My wonderful wife had sat by as the year of uncertainty (what I called ‘research’) dragged on. Eventually she pushed me to see a management consultant about what I was planning to do. This consultant reviewed my plans for the accounting business partnership and agreed I was on the right path. I walked into the hallway with confidence to get on with my new purchase, very reassured and there in the hall was Bill Zheng. Bill had been being consulted by the same consultants I had over the past few weeks, he was working out how Investors Direct could add a financial planning arm to their mortgage business. Neither of us believed in coincidence and after 3 weeks of negotiations, Bill and I shook hands on becoming business partners. Looking back it was a moment where the choices were very broad for each of us, for Bill, he could have chosen anyone who could do financial planning, for me I already had a plan and total autonomy in what I was about to do which I would have had to give up. The thing we knew was through education we could help people make smarter decisions. We also agreed that once people are educated they choose the right people to be partners with rather than blindly take advice.

In the past 6 years I have seen the industry shift towards more compliance, have endured staff arriving, learning and some leaving to get out on their own, some for lessor responsibility but both parties always better for the experience. We’ve started several additional businesses and I really have grown to accept change as part of the program. It was Heraclitus who was quoted as saying “The only thing that is constant is change”.

Anyway, there to now I have wanted to change things often, to improve to serve that client we are not serving yet. To help everyone do better, not just the ‘target client’. The things that made the business a success are the reasons to NOT CHANGE.

I thought this month to share the lessons I got from my short time as a business owner, lessons from those I met who were selling their business and from the hundreds of successful businesses I have had the privilege of serving in an advice capacity over the past 15 years. I have seen a lot of water go under the bridge for people, lessons that I could not have had without trust. I also have made many a mistake and continue to do so, all the while trying to improve our business. Many lessons I have learned from mistakes.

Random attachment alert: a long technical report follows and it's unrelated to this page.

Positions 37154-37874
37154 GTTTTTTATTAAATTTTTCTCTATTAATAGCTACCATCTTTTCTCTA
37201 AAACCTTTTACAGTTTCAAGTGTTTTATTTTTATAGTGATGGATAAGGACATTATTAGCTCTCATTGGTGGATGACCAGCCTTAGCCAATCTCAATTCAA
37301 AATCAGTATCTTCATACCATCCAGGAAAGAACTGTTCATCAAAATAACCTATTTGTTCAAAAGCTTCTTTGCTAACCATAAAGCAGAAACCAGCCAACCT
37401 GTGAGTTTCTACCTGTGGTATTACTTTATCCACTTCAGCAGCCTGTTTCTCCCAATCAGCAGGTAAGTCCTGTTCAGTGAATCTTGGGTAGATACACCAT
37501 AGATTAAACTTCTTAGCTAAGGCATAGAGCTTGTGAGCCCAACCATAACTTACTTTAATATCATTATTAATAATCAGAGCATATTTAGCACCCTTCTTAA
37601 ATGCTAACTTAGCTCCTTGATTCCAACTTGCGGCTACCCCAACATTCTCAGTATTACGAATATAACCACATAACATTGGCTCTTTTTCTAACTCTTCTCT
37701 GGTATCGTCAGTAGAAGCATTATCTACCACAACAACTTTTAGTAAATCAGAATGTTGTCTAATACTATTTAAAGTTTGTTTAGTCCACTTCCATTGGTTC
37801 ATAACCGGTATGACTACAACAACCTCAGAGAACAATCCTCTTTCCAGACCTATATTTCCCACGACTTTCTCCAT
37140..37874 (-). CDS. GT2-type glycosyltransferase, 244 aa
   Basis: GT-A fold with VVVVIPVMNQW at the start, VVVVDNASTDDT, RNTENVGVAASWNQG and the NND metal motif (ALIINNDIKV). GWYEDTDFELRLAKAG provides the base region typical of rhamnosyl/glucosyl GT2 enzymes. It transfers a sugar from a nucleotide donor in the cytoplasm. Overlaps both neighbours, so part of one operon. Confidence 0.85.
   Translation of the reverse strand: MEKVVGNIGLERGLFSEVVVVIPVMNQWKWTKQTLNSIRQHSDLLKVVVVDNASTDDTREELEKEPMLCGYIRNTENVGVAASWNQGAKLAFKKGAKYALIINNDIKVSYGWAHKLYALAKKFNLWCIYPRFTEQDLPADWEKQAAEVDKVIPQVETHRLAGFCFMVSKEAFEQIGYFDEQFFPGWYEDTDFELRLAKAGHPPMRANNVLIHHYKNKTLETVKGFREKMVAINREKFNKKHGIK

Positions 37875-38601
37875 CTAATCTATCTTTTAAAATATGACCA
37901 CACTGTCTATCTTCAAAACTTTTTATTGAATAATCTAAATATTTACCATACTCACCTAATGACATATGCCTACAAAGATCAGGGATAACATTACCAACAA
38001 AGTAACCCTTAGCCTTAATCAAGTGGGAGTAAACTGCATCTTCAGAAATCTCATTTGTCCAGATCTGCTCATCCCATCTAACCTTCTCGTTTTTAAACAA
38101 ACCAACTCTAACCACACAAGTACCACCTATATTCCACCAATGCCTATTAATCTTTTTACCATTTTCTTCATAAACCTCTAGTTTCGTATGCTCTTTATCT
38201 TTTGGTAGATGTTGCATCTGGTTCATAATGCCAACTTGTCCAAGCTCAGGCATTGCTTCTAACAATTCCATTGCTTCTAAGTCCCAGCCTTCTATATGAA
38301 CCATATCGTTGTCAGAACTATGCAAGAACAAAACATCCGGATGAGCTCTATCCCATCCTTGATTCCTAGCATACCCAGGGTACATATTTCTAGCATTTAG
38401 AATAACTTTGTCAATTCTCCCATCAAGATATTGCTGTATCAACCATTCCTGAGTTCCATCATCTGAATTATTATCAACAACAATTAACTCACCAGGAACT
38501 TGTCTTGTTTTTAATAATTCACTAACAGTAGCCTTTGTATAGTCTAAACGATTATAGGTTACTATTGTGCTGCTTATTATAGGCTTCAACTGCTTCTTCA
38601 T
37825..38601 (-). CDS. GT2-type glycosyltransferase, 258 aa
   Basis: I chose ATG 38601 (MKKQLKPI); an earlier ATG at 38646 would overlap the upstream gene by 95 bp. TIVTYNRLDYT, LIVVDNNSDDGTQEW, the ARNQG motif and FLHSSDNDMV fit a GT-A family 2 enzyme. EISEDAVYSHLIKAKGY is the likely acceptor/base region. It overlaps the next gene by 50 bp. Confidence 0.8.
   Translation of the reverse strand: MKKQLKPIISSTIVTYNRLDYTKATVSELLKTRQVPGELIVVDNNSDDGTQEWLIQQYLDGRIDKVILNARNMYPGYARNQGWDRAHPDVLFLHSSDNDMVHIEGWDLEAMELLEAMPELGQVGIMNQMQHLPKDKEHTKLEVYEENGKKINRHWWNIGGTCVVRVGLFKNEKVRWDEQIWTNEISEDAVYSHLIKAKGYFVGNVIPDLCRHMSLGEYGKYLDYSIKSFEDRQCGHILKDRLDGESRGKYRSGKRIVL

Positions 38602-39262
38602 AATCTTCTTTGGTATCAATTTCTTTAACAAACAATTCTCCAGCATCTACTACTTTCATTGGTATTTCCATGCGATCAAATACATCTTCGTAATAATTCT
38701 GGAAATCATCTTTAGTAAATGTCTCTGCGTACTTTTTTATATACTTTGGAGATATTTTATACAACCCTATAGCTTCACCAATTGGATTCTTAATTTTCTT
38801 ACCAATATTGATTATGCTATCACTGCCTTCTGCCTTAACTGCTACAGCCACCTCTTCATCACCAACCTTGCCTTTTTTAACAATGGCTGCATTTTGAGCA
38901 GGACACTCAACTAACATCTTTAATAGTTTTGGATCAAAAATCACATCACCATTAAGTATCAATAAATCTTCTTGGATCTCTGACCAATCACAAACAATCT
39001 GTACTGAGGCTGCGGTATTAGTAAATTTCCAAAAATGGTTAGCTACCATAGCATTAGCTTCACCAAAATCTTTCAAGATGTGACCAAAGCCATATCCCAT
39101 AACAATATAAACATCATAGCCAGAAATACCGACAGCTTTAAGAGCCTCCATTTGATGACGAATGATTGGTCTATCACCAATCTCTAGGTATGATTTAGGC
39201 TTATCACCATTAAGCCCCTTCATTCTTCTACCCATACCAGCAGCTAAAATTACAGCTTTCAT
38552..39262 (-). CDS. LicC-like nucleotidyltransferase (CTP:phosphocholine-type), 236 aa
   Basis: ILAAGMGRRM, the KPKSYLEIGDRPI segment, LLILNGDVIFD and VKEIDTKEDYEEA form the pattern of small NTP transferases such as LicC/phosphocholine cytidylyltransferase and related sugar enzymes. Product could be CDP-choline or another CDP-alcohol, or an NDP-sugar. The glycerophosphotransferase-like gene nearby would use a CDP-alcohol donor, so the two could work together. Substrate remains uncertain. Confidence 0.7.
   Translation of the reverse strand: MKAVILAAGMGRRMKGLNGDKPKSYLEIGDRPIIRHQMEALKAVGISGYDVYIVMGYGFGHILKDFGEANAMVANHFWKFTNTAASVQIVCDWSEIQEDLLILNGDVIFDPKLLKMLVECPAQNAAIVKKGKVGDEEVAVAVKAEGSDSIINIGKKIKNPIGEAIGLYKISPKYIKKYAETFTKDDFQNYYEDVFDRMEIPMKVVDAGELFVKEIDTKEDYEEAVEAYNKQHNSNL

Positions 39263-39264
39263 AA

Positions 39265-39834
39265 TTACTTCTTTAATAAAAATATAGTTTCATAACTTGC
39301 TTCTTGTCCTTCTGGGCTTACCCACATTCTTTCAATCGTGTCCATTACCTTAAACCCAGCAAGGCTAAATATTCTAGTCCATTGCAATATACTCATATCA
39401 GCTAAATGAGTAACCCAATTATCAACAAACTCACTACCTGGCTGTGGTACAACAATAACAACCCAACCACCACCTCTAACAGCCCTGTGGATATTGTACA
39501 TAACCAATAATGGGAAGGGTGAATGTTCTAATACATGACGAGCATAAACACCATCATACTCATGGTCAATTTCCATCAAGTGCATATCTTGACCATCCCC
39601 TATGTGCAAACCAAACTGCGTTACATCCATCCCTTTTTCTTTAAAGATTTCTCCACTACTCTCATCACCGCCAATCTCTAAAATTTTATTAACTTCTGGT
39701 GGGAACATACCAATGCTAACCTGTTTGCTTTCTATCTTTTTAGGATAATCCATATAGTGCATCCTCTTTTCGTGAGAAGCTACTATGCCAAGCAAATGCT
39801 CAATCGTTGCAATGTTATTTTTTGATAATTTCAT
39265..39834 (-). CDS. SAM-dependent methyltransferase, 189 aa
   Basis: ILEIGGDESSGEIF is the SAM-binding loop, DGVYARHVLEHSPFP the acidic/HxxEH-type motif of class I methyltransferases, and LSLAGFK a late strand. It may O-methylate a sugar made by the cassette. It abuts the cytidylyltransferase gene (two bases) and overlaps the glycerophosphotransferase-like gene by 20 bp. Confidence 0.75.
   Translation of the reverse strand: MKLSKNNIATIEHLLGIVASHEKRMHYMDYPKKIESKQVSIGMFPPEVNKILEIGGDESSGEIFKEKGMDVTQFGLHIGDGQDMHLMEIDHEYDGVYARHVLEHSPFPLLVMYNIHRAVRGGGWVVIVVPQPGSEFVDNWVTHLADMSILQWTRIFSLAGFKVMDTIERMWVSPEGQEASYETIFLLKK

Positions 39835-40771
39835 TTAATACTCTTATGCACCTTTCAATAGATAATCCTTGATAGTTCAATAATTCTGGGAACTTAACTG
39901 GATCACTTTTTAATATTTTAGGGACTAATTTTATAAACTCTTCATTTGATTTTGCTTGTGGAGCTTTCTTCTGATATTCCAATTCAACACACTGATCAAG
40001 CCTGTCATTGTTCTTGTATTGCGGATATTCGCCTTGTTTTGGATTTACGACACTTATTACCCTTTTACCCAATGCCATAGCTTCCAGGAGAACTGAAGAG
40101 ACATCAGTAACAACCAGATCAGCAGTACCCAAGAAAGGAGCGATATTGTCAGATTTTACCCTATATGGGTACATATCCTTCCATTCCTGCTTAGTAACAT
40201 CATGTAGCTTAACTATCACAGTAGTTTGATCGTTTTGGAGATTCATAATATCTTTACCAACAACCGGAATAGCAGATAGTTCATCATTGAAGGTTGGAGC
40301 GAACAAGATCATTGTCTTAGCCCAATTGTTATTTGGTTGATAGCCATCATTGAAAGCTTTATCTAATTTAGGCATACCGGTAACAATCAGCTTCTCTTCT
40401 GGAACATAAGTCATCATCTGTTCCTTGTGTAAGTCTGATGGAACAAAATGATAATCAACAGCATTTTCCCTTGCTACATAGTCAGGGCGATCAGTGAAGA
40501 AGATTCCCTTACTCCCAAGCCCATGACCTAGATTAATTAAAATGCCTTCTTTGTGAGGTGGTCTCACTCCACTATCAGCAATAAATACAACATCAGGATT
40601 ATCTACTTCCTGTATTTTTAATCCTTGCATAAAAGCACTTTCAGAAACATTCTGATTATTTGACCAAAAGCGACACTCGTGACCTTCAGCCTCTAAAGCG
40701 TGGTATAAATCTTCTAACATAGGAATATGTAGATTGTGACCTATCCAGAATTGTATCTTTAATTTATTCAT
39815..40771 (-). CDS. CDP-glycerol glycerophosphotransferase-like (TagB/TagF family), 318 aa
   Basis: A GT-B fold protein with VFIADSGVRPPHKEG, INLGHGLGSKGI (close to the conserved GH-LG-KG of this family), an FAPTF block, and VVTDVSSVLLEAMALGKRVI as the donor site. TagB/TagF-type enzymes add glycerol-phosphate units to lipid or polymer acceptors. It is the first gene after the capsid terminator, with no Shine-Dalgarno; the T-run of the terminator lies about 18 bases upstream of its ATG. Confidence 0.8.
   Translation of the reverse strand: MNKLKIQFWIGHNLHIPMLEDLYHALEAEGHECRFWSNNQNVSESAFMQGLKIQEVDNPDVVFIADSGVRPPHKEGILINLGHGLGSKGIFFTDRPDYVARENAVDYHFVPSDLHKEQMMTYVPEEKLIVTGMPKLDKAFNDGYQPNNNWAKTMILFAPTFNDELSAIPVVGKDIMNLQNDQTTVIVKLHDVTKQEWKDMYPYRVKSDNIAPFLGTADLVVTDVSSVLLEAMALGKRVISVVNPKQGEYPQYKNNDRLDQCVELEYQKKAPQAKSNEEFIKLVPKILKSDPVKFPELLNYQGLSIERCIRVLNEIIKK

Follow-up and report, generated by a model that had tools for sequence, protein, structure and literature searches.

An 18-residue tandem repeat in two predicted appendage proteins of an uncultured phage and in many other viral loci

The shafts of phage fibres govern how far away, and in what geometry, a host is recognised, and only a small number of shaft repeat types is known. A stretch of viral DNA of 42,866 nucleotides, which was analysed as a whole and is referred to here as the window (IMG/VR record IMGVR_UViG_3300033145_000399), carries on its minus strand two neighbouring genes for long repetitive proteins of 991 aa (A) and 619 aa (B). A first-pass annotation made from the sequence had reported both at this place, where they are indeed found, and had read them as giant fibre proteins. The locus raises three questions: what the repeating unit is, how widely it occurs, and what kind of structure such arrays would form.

Here are some tips learned through the years to spur some thoughts over the holiday season, they’d work for the employer and employee alike:

  1. Do what you do because you love it, the money will look after itself.
  2. Stay interested, particularly if you are in management a fish rots from the head.
  3. Know what you are good at and do not jump into new business ventures that are not within that framework, unless you have done some careful planning.
  4. Ensure staff knows how to communicate your business core values.
  5. Ensure you and your staff knows who your target client is.
  6. Feedback is a gift, don’t abuse it. Seek it.
  7. Have the roles clearly defined so that current people and future people, know what it is that gets done and how to do it.
  8. Measure what gets done that is critical to success.
  9. Maintain a performance culture – reward good performers and ensure you call out low performers.
  10. Don’t be afraid to say ‘NO’.
  11. Do what you say you will do – if possible.

Putting these things into your career can only improve it, be it in business or in a job. Until next year, HAPPY HOLIDAYS.


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Investors Direct Financial Group

Investors Direct Financial Group (IDFG) was established in 2001.
Our mission is to help our clients achieve and maintain their financial freedom.

Members of the IDFG Group include:
  • Nanmon Financial Services Pty Ltd, trading as Investors Direct Financial Group (ABN: 52 097 697 820 ; ACL: 402950)